The proposed rule would redefine the type of benefits that confer categorical eligibility; and require state agencies to report all TANF benefits that qualify for categorical eligibility to the USDA.
Opponents argue that the Food and Nutrition Act grants states the authority to confer categorical eligibility, and any change to categorical eligibility would require action by Congress. The USDA asserts that the proposed rule does not change the law, but rather updates the regulations governing categorical eligibility requirements.
Want to go deeper?

Trump nominates new OIRA administrator

What’s the story? President Donald Trump (R) on October 1 announced his nomination Paul Ray to serve as the next administrator of the Office of Information and Regulatory Affairs (OIRA). Ray has been the acting administrator of the office since the departure in March of former OIRA Administrator Neomi Rao (who replaced Brett Kavanaugh on the United States Court of Appeals for the District of Columbia Circuit).
As the head of OIRA, Ray would oversee the Trump administration’s regulatory review process as well as its information collection requests, statistical practices, and privacy policies. OIRA’s regulatory review responsibilities include reviewing and coordinating significant regulatory actions by federal agencies.
“OIRA’s cost-benefit review ensures that agencies disclose their rules’ anticipated impacts, which is critical for public transparency and accountability,” said Ray at a September 13 administrative law conference at George Mason University’s Antonin Antonin Scalia Law School.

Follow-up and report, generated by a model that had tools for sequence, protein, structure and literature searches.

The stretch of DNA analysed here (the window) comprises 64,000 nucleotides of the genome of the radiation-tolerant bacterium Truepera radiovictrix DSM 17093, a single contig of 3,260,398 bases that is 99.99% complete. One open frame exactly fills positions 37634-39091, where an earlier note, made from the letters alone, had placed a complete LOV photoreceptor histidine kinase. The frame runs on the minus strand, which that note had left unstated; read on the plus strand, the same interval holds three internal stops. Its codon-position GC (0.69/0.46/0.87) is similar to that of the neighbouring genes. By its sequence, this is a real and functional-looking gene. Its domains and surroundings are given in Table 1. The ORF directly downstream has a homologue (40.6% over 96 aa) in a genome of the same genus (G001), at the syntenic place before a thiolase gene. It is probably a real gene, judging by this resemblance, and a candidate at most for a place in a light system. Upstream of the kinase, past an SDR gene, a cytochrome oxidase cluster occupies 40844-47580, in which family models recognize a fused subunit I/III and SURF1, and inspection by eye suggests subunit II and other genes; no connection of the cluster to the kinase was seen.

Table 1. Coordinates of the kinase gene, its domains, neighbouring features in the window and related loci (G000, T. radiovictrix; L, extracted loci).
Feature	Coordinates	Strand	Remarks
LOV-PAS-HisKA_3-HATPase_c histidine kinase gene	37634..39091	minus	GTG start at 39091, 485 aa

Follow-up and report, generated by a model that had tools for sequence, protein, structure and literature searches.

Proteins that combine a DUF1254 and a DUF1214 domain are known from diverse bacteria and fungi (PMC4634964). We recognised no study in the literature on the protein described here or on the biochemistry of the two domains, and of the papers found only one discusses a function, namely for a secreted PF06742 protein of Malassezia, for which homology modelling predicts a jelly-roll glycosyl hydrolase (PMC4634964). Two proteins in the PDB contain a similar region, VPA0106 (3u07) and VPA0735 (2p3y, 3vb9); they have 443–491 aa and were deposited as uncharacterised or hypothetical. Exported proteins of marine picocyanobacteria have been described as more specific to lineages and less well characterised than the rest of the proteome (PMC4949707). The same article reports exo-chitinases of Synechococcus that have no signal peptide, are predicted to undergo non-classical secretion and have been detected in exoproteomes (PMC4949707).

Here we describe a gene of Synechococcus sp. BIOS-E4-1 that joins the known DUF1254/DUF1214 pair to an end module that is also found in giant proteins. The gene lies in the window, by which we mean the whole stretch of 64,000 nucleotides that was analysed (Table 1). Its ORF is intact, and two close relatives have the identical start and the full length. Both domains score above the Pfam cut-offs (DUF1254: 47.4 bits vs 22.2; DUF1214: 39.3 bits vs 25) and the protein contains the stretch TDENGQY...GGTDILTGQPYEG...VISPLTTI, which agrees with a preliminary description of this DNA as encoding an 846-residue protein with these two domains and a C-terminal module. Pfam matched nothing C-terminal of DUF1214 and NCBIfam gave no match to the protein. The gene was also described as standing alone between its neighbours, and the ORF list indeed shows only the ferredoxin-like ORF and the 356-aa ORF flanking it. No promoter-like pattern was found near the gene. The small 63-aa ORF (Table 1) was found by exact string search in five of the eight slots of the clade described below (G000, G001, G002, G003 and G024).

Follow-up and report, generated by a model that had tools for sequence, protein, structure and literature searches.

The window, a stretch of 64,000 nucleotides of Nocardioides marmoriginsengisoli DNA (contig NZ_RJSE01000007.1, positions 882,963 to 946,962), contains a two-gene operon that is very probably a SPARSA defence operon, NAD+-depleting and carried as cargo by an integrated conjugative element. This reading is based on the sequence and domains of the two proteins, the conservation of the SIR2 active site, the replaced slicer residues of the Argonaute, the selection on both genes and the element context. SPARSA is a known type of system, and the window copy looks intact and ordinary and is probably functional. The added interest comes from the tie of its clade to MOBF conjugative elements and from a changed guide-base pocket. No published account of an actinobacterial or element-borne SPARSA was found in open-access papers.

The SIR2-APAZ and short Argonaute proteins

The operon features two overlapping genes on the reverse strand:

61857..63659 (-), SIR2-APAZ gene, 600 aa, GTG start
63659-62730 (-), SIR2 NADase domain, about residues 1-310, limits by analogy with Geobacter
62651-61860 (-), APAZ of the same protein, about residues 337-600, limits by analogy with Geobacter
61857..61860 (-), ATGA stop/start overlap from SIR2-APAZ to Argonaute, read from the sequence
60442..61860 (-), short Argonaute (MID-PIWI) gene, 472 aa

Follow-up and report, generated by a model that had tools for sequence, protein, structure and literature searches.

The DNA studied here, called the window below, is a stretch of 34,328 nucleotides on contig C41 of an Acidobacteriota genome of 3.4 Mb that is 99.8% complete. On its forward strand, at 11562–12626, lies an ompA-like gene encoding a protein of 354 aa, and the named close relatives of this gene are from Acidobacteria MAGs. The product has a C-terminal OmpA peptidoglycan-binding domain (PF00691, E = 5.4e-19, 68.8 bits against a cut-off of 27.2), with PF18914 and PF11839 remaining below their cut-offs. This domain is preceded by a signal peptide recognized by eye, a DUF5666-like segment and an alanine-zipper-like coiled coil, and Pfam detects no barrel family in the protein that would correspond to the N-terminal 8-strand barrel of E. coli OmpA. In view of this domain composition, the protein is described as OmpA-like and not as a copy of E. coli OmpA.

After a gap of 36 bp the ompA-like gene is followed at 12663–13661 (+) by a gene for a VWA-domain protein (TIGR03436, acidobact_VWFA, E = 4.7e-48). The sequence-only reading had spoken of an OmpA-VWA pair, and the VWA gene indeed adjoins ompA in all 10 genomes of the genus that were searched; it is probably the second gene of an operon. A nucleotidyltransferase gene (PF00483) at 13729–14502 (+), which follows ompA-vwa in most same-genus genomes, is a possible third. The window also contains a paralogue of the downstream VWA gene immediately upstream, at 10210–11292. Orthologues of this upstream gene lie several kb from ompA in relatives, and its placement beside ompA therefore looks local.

Ray joined OIRA as associate administrator in March 2018. He previously served as counselor to former Labor Secretary Alexander Acosta and as an associate with the law firm Sidley Austin LLP. Ray formerly clerked for Justice Samuel Alito on the Supreme Court.
Want to go deeper?

Trump issues executive orders to prohibit binding guidance, control agency spending

What’s the story? President Donald Trump (R) issued three executive orders on October 9 and 10 that aim to limit the use of guidance documents by federal administrative agencies, require agencies to provide fair notice of regulations, and control agency spending.
The first executive order prohibits agencies from issuing binding regulations through guidance documents. The order clarifies that agencies can only issue binding regulations through the rulemaking process or case-by-case adjudication.